For the first time in a long time, Andrea Sanders and her young daughter Penelope have a place they can call home.
"Coming here, Penelope and I having our own place is really big," Sanders said.
They live in a place called Warren Village, a nonprofit that vows to save people from homelessness.
"I was in a very unhealthy relationship with my daughter's father," Sanders said.
She said she was losing hope when she discovered Warren Village and it's offer of low-cost housing and support services to single-parent families.
"I felt this huge weight off of my shoulders that we're going to be okay. We have our place now," Sanders said.
Warren Village has been around since 1974. But Board Chairman Brian Sandy said that as Denver continues to grow, it's causing an increase in housing costs. Sandy said that's pushing more single-parent families towards homelessness.
"As Denver succeeds, what's happening is that our single parent families are really suffering as a result," Sandy said.
But in their Warren Village 92-unit complex, Sanders has everything she needs for her and 3-year-old Penelope. Her school and child care services are located within the building. This allows Sanders to work and go to school to become a nurse.
"I can kick butt in school. I can kick butt at being a mom," Sanders said. "But I can't do all that having to work 80 hours a week because I can't afford where I live."
Warren Village charges residents nominal rent with services included. Sandy said the idea is to use a two-pronged approach to helping the parent while helping the child in pre-school.
"We're helping the adults, but we're also helping the children because what we want to do is get those children school ready so that we can break that cycle of poverty," Sandy said,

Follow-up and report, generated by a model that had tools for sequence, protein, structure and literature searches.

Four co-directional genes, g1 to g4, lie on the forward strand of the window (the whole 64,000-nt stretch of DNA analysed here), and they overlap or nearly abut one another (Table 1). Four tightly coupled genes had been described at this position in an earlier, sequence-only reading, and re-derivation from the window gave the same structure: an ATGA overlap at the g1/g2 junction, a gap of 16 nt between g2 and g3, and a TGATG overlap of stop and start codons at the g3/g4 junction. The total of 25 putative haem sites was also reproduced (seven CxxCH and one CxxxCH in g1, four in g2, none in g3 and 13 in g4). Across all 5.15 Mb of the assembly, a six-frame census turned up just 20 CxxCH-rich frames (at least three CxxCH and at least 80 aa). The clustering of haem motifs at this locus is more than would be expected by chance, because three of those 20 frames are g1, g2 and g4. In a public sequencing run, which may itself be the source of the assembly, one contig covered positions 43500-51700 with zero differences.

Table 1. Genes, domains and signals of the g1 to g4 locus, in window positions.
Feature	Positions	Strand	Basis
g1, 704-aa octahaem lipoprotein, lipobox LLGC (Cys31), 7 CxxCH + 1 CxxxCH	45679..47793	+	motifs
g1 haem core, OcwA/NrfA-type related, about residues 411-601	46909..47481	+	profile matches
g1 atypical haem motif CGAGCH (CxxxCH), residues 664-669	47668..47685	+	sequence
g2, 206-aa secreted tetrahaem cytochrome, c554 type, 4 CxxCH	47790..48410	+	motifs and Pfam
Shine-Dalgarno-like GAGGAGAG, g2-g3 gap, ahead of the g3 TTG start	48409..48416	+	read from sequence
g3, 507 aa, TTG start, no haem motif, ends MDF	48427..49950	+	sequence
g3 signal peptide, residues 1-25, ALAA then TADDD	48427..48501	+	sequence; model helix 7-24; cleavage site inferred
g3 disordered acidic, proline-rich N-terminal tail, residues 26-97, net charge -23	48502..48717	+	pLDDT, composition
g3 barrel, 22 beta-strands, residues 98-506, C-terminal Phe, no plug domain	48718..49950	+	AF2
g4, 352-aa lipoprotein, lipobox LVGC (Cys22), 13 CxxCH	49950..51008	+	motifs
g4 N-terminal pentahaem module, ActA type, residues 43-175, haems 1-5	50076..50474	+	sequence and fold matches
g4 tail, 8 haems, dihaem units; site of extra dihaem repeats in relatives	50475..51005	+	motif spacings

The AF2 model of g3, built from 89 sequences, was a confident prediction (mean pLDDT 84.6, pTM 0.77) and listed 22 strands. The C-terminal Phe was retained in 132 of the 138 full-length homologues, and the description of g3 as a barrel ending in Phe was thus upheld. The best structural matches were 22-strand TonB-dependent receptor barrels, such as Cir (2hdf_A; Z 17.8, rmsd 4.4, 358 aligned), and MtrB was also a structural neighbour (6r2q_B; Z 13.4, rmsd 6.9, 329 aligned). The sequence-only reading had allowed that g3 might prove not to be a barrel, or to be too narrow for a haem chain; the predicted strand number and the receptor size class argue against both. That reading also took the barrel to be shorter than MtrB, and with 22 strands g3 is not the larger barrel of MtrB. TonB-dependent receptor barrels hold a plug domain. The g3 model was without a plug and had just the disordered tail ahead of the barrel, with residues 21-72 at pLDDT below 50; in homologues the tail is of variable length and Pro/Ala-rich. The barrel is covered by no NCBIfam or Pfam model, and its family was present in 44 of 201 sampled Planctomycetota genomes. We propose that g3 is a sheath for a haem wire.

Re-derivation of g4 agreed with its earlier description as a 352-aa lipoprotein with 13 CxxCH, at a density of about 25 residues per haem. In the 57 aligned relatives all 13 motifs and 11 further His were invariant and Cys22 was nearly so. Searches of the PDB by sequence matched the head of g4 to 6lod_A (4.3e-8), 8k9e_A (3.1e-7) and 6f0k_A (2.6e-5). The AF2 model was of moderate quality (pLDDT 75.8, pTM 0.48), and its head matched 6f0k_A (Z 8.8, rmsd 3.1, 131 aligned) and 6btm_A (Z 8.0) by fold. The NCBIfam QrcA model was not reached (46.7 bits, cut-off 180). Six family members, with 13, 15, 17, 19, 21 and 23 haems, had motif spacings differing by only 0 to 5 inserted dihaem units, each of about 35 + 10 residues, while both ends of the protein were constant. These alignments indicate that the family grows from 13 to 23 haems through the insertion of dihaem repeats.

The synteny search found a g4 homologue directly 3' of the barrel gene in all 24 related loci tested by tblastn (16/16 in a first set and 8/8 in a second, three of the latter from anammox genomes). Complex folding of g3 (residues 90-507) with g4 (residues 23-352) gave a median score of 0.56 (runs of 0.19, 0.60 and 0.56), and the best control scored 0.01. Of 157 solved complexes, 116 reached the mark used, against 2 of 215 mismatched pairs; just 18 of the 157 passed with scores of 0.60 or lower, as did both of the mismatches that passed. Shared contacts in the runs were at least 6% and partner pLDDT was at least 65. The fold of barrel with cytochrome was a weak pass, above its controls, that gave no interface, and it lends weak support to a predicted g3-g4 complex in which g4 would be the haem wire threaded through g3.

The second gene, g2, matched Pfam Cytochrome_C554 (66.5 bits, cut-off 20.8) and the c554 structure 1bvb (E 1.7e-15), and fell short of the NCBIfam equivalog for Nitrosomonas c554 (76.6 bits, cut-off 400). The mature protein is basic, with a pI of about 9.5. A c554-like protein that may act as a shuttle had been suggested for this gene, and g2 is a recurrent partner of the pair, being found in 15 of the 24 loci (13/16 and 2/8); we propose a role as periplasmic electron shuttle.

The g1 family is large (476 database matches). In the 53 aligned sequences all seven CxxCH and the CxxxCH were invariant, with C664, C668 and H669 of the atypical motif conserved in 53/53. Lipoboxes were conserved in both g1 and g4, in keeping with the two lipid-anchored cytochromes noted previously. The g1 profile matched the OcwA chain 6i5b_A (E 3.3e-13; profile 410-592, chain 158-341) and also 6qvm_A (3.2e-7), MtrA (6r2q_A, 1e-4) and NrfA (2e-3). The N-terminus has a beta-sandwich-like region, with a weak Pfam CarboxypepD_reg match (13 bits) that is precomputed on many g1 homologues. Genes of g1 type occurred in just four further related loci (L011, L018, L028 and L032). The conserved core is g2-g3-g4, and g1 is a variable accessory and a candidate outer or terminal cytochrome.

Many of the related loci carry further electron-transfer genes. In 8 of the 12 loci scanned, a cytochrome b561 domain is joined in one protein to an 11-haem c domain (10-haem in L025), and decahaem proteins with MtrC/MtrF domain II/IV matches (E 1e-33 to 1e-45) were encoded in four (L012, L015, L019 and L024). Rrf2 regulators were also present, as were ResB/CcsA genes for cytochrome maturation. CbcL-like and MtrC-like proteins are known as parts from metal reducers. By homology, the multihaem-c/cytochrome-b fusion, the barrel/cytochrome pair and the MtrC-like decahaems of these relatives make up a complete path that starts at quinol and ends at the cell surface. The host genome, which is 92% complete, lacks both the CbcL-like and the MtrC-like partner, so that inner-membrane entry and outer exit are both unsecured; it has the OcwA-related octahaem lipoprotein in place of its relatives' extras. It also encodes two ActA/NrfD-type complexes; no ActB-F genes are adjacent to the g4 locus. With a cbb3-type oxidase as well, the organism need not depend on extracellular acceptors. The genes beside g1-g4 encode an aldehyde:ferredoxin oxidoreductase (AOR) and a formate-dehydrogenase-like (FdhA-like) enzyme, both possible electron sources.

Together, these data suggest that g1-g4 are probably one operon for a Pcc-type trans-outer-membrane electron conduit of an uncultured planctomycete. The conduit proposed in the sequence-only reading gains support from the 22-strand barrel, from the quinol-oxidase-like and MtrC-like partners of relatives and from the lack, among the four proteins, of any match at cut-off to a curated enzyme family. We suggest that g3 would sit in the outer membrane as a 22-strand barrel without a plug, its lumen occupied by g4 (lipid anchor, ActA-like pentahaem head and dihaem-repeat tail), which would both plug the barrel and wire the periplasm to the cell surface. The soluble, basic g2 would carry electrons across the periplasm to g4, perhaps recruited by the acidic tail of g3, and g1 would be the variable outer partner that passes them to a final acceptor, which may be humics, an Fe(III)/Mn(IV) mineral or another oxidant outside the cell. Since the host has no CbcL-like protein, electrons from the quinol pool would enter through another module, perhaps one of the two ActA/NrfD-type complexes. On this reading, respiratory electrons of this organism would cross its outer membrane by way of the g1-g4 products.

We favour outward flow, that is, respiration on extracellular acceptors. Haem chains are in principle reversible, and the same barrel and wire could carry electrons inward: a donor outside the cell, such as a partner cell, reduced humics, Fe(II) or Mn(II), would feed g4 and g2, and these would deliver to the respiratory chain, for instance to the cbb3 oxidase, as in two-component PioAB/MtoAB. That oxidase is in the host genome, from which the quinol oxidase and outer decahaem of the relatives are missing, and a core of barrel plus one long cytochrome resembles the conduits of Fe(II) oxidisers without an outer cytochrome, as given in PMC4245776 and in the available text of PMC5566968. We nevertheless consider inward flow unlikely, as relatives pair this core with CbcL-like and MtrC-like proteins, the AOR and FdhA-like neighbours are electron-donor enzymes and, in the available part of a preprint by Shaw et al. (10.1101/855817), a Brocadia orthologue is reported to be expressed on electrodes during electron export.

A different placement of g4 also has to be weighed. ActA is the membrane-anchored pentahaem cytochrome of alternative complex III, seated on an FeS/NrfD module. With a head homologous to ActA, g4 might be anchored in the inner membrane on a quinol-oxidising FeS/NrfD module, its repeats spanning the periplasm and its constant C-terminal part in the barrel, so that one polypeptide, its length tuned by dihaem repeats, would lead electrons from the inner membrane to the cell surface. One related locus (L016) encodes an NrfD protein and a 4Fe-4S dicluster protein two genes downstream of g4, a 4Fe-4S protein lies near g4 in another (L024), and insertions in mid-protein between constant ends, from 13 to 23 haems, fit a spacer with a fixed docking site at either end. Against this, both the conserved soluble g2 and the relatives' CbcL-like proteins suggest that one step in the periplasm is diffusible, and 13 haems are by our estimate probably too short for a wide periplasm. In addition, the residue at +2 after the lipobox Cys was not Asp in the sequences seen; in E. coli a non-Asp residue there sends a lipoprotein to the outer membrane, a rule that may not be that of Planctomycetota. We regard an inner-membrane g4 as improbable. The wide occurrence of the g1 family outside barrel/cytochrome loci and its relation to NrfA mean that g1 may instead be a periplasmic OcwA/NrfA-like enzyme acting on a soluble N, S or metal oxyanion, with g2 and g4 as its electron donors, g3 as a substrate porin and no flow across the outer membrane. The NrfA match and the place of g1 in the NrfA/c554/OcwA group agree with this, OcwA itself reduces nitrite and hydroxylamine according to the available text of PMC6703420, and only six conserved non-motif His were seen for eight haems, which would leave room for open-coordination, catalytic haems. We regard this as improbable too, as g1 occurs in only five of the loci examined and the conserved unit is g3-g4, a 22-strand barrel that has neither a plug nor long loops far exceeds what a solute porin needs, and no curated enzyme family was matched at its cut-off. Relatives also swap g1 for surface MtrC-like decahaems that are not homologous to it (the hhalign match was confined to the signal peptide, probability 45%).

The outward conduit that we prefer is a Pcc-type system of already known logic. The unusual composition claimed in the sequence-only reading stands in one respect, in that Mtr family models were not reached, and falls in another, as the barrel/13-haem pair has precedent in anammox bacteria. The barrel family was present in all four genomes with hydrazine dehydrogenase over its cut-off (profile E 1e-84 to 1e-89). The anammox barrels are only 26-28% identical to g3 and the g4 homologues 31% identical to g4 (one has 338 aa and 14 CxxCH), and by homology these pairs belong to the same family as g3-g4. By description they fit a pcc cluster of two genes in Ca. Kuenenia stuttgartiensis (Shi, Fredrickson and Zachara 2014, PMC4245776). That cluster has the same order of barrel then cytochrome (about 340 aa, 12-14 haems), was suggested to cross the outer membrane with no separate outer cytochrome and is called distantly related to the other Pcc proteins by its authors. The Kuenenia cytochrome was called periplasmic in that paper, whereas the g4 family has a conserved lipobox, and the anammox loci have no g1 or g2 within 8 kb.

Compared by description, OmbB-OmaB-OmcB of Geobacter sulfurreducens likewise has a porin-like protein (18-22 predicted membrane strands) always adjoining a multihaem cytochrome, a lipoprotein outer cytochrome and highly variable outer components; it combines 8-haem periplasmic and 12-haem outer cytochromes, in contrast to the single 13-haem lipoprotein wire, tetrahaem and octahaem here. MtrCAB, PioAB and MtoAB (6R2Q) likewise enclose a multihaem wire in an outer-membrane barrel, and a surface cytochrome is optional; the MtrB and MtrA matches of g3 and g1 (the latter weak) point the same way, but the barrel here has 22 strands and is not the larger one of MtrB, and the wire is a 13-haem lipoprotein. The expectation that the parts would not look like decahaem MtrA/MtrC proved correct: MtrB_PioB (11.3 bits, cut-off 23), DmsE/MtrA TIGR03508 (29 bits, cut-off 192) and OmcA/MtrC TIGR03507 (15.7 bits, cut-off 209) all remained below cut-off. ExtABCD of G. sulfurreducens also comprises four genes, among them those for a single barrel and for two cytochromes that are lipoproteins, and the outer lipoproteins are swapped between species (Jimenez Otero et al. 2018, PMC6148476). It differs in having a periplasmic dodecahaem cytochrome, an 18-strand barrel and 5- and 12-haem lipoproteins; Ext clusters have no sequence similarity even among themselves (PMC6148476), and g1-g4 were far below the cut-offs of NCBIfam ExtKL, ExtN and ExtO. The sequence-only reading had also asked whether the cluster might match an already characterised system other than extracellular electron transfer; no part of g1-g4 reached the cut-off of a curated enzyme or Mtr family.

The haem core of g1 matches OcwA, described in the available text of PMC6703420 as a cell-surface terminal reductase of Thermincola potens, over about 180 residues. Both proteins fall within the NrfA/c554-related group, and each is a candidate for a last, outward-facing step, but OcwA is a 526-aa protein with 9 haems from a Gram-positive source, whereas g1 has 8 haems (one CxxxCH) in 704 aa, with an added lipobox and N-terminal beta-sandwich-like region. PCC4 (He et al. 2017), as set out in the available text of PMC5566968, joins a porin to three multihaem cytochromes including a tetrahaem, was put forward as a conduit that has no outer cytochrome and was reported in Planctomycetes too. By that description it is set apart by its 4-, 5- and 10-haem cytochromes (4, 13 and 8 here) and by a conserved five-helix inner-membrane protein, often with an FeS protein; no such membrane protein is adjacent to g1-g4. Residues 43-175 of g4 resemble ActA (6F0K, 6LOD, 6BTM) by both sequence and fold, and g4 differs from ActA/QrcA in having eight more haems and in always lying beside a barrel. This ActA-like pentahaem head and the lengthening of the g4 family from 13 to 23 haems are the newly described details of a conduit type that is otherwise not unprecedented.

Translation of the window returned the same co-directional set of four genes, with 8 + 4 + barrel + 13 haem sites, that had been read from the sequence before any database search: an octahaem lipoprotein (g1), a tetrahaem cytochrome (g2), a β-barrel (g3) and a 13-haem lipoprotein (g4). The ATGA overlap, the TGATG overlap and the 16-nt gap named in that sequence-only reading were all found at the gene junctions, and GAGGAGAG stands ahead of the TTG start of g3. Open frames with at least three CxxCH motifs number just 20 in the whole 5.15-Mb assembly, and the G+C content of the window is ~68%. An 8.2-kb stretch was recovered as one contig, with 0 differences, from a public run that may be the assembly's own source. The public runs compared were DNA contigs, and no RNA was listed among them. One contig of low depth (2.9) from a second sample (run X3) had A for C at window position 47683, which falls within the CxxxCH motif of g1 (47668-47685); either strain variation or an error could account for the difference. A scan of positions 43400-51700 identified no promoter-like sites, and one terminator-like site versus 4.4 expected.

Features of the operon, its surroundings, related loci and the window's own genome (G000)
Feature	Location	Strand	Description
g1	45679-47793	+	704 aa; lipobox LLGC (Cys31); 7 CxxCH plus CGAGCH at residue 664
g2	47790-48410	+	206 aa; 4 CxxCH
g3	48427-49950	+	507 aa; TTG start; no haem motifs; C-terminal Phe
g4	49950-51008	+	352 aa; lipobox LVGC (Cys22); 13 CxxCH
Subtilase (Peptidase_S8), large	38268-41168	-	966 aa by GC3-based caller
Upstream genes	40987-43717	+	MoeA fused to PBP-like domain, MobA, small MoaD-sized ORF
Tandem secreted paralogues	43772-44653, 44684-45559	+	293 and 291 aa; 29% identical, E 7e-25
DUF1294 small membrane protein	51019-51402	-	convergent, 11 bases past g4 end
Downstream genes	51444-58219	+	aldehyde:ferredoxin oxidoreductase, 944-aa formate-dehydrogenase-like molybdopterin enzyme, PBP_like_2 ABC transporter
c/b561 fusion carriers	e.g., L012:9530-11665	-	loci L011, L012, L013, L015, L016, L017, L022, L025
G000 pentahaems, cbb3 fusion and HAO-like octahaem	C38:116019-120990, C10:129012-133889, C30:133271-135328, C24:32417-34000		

Greta Thorpe is the assistant director of the Greta Horwitz Learning Center located on the bottom floor of Warren Village. She said it's critical to get these kids ready for elementary school academically and socially.
"Especially if they've experienced trauma," Thorpe said. "Work on those pieces of healing and recovery so that they can be successful in future classrooms."
Thorpe wants them to be successful in life. Sanders said at the school, Penelope's speech therapist noticed something wrong. Sanders said she determined that her daughter had hearing loss and addressed this problem, which may have gone unnoticed for years.
"She's not speaking properly because she can't hear certain letters. She can't hear certain sounds," Sanders said.
Thorpe said that could've have set Penelope way behind in elementary school.
"Those years, especially those first three years in a child's life is so important and they're building so many connections in their brains," Thorpe said.
Sanders said she hopes this place can put her and daughter on the right path to a better life.
"I just needed support. That's really what I needed," Sanders said. "I had the dream way out there. I just didn't know how I was going to to get it."